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Malaysian Contemporary Art Exhibition

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In conjucntion with the celebration of the 50th anniversary of the Peoples' Republic of China, the China International Cultrual Association has invited the Malaysian Chinese Cultural Society (MCCS) to stage an exhibition of  Malaysian contemporary art in Beijing as an exchange programme to mark the occasion.  Its aim is to promote cultural relation between the two nations as well as to expose Malaysian contemporary art to the general public of China, Beijing  in particular.

 The Malaysian Institute of Art (MIA) is in tern asked by MCCS to help organize this exhibition. Based on the contribution and the strength of work, 20 artists including very senior artists are invited to participate in the Malaysian Contemporary Art Exhibition in Beijing.

The organizers are happy to note that the work of these 20 artists represent a cross section of Malaysian contemporary art of the late 80s and the 90's. Among them, eight aratists use Chinese ink and brush as the main vehicle of expression, two exploit extensively the batik techniques and process and one explores the print making medium whereas the rest of artists work either in oil. accrylic or mixed media.  The oldest is Datuk Chuah Thean Teng, 85, and the yougest being Liew Siow Ching, 23, the age of the rest ranges between 30 to 65. Each artist has his or  her own approch, style and artistic manifestation. While this exhibition can not be taken to represent  the whole state of Malaysian art, it however,reflects  a group of very established and significant artists as well as some young talents of the country.  This exhibition may well serve to inform the Chinese counterparts and the general public as how Malaysian artists of different age endeavour to develop their personal styles, creative concepts and artistic manifestation.

 Awang Damit Ahmad used bold strokes,strong contrast colours and native symbols to create well constructed yet harmonized compositions. The works on display are a kind of visual  notes which convey the message of his childhood experience in the village where he was brought up..  A native from Sabah, his works open the  journeys into the past of the self and his cultural life.  He has always been engaged in “searching for an active, constructive and progressive aspect of a culture” of his people.  His works are strong manifestations and symbols of certain aspects of his cultural root and social transformation of his native land.

Cheah Thien Soong attempted to express Nature by employing bold strokes with dark dry ink which are further balanced by light shades. His spacious compositions are often accentuated by the presence of wild fowls and punctuated with blots of dry ink and light shades to enhance the visual effect. He states that “our experience that come along with our contacts with society and nature would always be stored in our minds and perceptions. These perceptions would, if translated into artistic experiences, thus become the subject of aesthetic works. Through this soundless language of drawing man is able to express his feeling, sentiments, messages and visions and with his laborious effort, Nature is being recreated.” His works convey a sense of peace and tranquility where one can contemplate and meditate.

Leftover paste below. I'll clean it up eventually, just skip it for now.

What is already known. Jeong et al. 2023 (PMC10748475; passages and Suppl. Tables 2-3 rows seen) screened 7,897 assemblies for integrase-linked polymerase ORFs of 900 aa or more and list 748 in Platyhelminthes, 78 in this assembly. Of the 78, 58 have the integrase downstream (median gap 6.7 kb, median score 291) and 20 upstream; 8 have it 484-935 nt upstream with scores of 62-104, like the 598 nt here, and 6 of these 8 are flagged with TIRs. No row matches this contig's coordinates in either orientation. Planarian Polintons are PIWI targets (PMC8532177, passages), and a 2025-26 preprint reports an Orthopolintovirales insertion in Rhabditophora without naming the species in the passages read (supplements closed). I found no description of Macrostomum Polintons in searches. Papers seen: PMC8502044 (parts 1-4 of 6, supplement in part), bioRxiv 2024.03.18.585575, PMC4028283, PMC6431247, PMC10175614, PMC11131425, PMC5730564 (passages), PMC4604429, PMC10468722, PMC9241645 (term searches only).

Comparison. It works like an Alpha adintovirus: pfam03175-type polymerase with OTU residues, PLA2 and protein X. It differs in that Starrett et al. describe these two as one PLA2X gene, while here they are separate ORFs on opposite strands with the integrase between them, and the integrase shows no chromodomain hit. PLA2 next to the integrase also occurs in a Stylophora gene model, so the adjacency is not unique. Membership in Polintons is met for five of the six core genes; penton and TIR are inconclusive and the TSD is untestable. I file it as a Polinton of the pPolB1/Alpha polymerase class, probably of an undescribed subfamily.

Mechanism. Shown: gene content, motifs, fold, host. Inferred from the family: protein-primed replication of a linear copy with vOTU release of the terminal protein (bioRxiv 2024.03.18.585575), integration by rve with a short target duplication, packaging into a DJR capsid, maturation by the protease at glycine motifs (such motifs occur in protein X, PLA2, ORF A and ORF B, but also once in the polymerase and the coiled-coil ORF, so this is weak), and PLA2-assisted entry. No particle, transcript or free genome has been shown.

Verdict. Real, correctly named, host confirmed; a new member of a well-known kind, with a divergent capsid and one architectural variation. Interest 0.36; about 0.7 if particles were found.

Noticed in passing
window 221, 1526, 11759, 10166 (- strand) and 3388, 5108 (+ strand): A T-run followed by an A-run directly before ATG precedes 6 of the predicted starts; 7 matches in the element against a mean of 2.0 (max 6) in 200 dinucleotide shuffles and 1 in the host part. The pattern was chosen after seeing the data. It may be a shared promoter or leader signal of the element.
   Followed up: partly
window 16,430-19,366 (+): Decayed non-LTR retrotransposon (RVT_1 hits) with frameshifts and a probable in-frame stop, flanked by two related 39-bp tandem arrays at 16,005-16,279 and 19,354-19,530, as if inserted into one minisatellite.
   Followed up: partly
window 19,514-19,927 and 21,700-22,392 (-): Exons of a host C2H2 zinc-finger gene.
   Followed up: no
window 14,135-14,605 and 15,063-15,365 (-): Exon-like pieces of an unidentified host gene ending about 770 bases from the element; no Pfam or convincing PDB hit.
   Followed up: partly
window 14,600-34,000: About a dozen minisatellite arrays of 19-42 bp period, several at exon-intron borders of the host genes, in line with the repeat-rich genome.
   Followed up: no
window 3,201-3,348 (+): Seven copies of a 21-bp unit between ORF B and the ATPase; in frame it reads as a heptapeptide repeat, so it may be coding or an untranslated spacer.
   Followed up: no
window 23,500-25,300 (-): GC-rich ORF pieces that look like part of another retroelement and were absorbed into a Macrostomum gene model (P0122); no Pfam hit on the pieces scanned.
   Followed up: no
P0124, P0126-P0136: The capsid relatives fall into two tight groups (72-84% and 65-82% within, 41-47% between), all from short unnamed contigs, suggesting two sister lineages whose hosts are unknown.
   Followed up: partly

Choong Kam Kow’s work reflect the cultural practices of the Chinese communities in Malaysia. He employed painting cum silkscreen techniques with acrylic colours to transform the traditional Chinese almanac text and festive cake forms into visual symbols to convery a strong message regarding cultural practices and traditional values in contemporary life of the Chinese community. He stated that: " the treatment of bold and simplified forms, the exploitation of complimentary contrast of orange and blue, red and green etc, the combination of ready existed patterns (often geometric) and expressed shapes (often organic), the juxtaposition of drawn forms and printed shapes / text in horizontal and vertical relation, and the back and forth, positive and negative alternation of space movement " were intended as means to create a distinctive personal identity with Oriental flavour in his work as a result of his response to the cultural and social environment surrounding him.

Chung Chen Sun is the man player in the organization of this exchange project and contributed to the realization of this exhibition. His works demonstrated the mastery use of skills and reflected his profound understanding of Eastern aesthetics. The spiritual content of his works derived not only from the external world but also from his inner personality. All along he believes that ink and brush are the basic forms of expression which characterizes the traditional ink painting. Therefore he places great emphasis on the practice of skills and the quality of the ink and brush strokes. In “Void”, the manipulation of ink and brush is brief yet effective.  The shades of ink and variety of strokes complement each other to achieve the character of the portrayed subject. The lines fly, the ink dances and the solid and void interact each other creating a composition full of rhythmic vitality.